Monday, January 5, 2009

Lloyd E. Ohlin: 1918-2008

Some sad news to start the year on. Lloyd Ohlin, a giant in the field of criminological theory (and someone whose work is covered in every class I teach, every semester) has died.

Lloyd E. Ohlin, a prominent criminologist who explored both the social underpinnings of crime and the social consequences of punishment, especially as they related to youthful offenders, died Dec. 6 at his home in Santa Barbara, Calif. He was 90.

Trained as a sociologist, Professor Ohlin helped illuminate sociological conditions that gave rise to crime, chief among them poverty and the entrenched obstacles to upward mobility that many poor people face. He also studied the extent to which correctional institutions actually correct.

Professor Ohlin was known in particular for his work on the causes of juvenile delinquency, a much-ballyhooed but little-understood subject in the 1950s and afterward. With Richard A. Cloward, he wrote “Delinquency and Opportunity: A Theory of Delinquent Gangs,” a seminal study of the wellsprings of delinquency among urban youths.
Most students know him only as the other half of "Cloward and Ohlin" and their much-discussed Differential Opportunity theory, but Ohlin's impact was far greater than just this theory on delinquency and crime.

In other titles (listed left) such as "Prisoners in America" and "Sociology and Corrections", Ohlin draws together the best of structural and process theories to examine the role of the crime and punishment in society. In fact, when you scroll through the various obituaries on his death, Ohlin is being called everything from a symbolic interactionist to a functionalist in the Durkheim tradition.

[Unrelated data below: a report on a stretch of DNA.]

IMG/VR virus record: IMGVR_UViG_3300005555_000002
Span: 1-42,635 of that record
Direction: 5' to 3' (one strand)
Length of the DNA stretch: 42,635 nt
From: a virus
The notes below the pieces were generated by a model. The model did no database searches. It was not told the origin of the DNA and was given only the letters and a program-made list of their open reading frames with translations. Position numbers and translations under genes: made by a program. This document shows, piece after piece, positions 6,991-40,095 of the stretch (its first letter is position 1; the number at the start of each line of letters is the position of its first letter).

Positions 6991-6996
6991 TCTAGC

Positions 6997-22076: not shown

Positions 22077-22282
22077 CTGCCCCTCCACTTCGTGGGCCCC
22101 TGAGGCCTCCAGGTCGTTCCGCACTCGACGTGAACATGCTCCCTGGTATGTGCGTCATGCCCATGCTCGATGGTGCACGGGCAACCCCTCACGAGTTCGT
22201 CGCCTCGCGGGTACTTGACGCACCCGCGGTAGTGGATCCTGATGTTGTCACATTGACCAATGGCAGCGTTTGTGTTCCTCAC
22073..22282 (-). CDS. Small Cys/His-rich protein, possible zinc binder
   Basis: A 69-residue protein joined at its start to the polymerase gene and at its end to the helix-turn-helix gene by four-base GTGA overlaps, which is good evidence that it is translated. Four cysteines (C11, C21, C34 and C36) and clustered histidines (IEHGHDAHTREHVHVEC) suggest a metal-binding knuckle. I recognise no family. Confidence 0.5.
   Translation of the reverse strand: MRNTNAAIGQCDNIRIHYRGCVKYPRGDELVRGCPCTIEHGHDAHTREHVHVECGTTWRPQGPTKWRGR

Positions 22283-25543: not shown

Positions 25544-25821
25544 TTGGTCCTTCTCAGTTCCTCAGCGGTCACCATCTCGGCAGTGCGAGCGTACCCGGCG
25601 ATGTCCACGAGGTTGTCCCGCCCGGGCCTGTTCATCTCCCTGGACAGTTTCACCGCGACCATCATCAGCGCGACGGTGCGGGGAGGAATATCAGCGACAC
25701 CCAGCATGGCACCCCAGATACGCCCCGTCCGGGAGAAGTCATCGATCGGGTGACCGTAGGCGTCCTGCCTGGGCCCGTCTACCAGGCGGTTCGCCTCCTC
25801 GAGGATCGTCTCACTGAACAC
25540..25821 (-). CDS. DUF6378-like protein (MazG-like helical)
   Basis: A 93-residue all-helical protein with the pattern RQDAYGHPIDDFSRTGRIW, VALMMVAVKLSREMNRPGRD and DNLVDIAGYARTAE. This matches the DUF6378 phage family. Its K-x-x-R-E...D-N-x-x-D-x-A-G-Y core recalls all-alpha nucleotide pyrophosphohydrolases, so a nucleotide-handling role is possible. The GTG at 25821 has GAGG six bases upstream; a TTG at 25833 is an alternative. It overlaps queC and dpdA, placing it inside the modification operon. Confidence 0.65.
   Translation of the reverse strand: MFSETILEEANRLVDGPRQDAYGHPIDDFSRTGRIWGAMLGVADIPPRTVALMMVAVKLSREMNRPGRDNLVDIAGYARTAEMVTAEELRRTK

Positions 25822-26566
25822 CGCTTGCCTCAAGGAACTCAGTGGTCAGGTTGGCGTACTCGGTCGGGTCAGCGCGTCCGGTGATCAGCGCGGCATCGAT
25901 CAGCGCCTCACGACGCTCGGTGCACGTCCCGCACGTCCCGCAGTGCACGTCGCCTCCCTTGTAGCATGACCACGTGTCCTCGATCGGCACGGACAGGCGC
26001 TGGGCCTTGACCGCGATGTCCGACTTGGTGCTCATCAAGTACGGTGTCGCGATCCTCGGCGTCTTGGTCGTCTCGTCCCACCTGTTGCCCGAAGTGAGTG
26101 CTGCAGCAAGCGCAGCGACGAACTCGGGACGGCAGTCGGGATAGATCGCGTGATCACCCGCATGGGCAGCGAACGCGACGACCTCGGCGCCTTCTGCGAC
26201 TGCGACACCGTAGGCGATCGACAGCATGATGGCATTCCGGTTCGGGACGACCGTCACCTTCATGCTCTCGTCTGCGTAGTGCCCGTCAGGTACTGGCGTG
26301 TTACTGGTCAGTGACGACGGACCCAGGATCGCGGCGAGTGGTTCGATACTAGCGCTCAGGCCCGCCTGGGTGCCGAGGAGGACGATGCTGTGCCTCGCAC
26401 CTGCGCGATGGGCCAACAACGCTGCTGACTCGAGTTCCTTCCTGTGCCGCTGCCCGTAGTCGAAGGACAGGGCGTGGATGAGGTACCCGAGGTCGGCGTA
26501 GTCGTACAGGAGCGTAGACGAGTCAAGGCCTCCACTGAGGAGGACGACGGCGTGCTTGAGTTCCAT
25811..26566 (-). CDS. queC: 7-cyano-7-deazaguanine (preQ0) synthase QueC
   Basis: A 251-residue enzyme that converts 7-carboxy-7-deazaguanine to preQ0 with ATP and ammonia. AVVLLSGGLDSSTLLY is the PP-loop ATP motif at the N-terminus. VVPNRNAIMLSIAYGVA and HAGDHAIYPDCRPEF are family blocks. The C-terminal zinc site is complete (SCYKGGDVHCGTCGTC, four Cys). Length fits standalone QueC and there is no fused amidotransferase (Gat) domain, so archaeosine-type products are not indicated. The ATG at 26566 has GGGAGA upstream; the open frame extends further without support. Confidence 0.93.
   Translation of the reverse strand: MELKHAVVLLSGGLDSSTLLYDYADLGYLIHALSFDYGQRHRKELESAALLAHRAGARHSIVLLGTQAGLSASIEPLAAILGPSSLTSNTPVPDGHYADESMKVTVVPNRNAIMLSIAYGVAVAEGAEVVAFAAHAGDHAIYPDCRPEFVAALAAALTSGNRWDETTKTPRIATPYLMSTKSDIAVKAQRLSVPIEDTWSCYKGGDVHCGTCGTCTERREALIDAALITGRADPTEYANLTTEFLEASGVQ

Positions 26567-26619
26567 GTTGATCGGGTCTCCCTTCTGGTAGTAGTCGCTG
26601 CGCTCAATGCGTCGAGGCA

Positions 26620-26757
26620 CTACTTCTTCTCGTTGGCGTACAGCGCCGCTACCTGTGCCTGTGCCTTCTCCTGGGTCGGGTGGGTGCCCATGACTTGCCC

Not to mention, the most vaunted sociologists and criminologists are usually the most colorful. As New Soc Prof notes on his blog:
How many criminologists today can report doing counter-intelligence work in the Army, employment in the department of corrections, and planning for $13 million dollar anti-poverty programs. He was also one of the few non-lawyers on the faculty of Harvard Law School — not too shabby.
Indeed. When I was in grad school, I can remember always being as interested in the major theorists we discussed and their personal lives as much as the theories we were being tasked to learn. Ohlin's life was as rich and colorful as his contribution to the discipline which will be studied for generations to come.

Global Sociology has more.

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